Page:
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Wisconsin farmers are experiencing record high milk prices, but for how long?

High fuel, feed costs are already cutting into farmers' margins. Some dairy professors worry those costs could outlast high milk prices.

gallons of milk arranged at a Milwaukee grocery store
This Dec. 4, 2012, photo shows gallons of milk arranged at a Milwaukee grocery store. Dinesh Ramde/AP Photo

Dairy farmers in Wisconsin and across the country have been enjoying record high milk prices this spring. But some market experts say producers should already start thinking about the next market downturn.

The milk used for making cheese, which is called Class III by the Federal Milk Marketing Order and establishes a minimum milk price, saw its price hit an all-time high in March. At $25.21 per hundredweight, or 100 pounds of milk, last month’s price was $6.25 higher than May 2021 and 61 cents higher than the previous record high price set in September 2014.

Bob Cropp, professor emeritus of agricultural economics at the University of Wisconsin-Madison, said high demand for milk is what drove prices up in 2014. But he said this year’s record prices are due to farmers cutting back on production.

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“Milk production for several months, starting actually the last quarter of last year, has been running below a year ago,” Cropp said. “Cow numbers have declined and production per cow has been below normal, so we have resulted in a tightness of the supply-demand situation.”

He said farmers are decreasing their herds because the cost of feed and other essentials has gone up due to inflation and supply chain issues. That also means producers are cutting back on things like feed additives that help cows produce more milk, causing production per cow to decline.

“The higher costs are definitely cutting into the profits,” Cropp said. “Margins are improving a little bit here with these $25 milk prices, so that looks good.”

Cropp said he thinks higher milk prices will continue in the coming months. Milk production typically declines during the hottest summer months, so he said supply could become even more limited. In the fall, production of butter and cheese starts to ramp up in anticipation of the holiday season, when Americans tend to consume more dairy. If milk production starts to increase with more demand, Cropp said, prices could start to taper off by the end of the year. But he’s not anticipating prices to fall dramatically any time soon.

“The bigger uncertainty is really what’s going to happen to the cost of feed and some of the other inputs,” he said. “With the price of diesel fuel at $5 or $6 a gallon, that’s really going to add to the cost of harvesting. So that type of thing will cut into farmers’ profits.”

And that’s exactly why Kevin Bernhardt, agribusiness professor at UW-Platteville, is warning dairy farmers to start preparing now for the next period of low prices.

“This is the pessimistic side of me, the glass-half-empty side of me, that gets nervous whenever you hit record high prices,” Bernhardt said. “Because when you’re talking about a commodity, whether it’s milk or corn or oil or anything else, those record high prices tend to be followed by, perhaps not record lows, but a fairly serious crash to lower prices.”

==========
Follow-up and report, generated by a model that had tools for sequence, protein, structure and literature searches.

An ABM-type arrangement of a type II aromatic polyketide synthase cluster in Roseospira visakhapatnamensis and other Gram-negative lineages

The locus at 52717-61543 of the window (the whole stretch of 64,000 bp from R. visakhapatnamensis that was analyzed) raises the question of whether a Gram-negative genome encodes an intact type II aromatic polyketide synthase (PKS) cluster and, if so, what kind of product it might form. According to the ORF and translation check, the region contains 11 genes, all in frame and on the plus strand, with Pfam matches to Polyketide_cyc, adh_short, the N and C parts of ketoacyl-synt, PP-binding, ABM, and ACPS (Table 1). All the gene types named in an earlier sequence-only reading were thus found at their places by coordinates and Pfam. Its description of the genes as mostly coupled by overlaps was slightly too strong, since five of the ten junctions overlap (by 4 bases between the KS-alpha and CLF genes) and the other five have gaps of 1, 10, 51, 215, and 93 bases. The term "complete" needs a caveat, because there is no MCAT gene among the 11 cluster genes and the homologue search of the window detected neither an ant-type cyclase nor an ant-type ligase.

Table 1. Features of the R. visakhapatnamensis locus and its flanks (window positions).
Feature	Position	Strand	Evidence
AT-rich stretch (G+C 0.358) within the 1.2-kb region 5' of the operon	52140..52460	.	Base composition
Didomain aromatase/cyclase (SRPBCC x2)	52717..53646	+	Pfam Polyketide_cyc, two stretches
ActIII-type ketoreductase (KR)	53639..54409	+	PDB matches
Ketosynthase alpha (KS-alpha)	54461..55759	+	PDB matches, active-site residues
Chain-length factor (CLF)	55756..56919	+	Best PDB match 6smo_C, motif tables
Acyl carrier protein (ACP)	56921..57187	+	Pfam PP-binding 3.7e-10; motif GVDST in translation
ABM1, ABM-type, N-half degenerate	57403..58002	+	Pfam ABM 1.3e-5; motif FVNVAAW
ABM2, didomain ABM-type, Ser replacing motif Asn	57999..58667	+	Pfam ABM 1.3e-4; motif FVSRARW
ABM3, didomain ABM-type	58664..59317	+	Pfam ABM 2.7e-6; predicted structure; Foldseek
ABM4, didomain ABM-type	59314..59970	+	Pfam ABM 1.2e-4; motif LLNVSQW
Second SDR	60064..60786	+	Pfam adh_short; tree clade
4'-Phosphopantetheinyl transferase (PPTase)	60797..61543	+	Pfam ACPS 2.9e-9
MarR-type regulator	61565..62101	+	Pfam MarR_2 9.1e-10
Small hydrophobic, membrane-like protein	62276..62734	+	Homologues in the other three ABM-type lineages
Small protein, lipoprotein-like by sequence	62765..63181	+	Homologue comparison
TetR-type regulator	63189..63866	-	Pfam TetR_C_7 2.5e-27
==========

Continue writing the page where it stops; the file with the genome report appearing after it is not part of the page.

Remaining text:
He said on average, milk prices hit a high point every three and a half years, with a decline to a low point and increase back to the top happening in between. But the timing of that price cycle isn’t guaranteed anymore. The COVID-19 pandemic continues to change supply chains and markets. And right before the pandemic started, the dairy industry went through an almost six-year period of low prices that turned the normal price cycle on its head.

“Right now, it’s anybody’s guess (what the average price cycle will be),” Bernhardt said. “But that cyclical pattern will continue, I feel confident of that. Probably, the amount of change in terms of dollars per hundredweight from peak to low will also stay the same. In fact, it might grow.”

a graph showing the milk prices for more than a decade
University of Wisconsin-Platteville professor Kevin Bernhardt said the highest milk prices, marked by red dots on the graph are typically followed by price crashes, with the lowest points marked by yellow dots. Graph courtesy of Kevin Bernhardt/University of Wisconsin-Platteville

Bernhardt said the best thing producers can do before prices start to fall is catch up on business items they’ve been putting off, whether it’s making repairs or upgrading systems and machinery. He said farmers should also work on paying down what he calls “dead-weight debt,” which was taken on when farmers couldn’t use normal revenue to pay their bills.

There are signs that farmers are already working on this.

A survey of agricultural lenders by the Federal Reserve Bank of Chicago found 59 percent of respondents said repayment rates for farm loans were higher in the first quarter of 2022 than they were a year ago. Thirty-two percent of surveyed bankers reported renewals and extensions of those loans were lower than the previous year.

Bernhardt said having available credit could become even more important if milk prices decline faster than the cost of fuel and other inputs for a farm.

“What happens if milk prices drop by $7, $8 per hundredweight, but the input costs drop $3? (In) that scenario, that math doesn’t work,” he said.

With so many factors impacting the market, from the war in Ukraine to the national inflation rate, Bernhardt said farmers need to plan ahead now while their operations are profitable.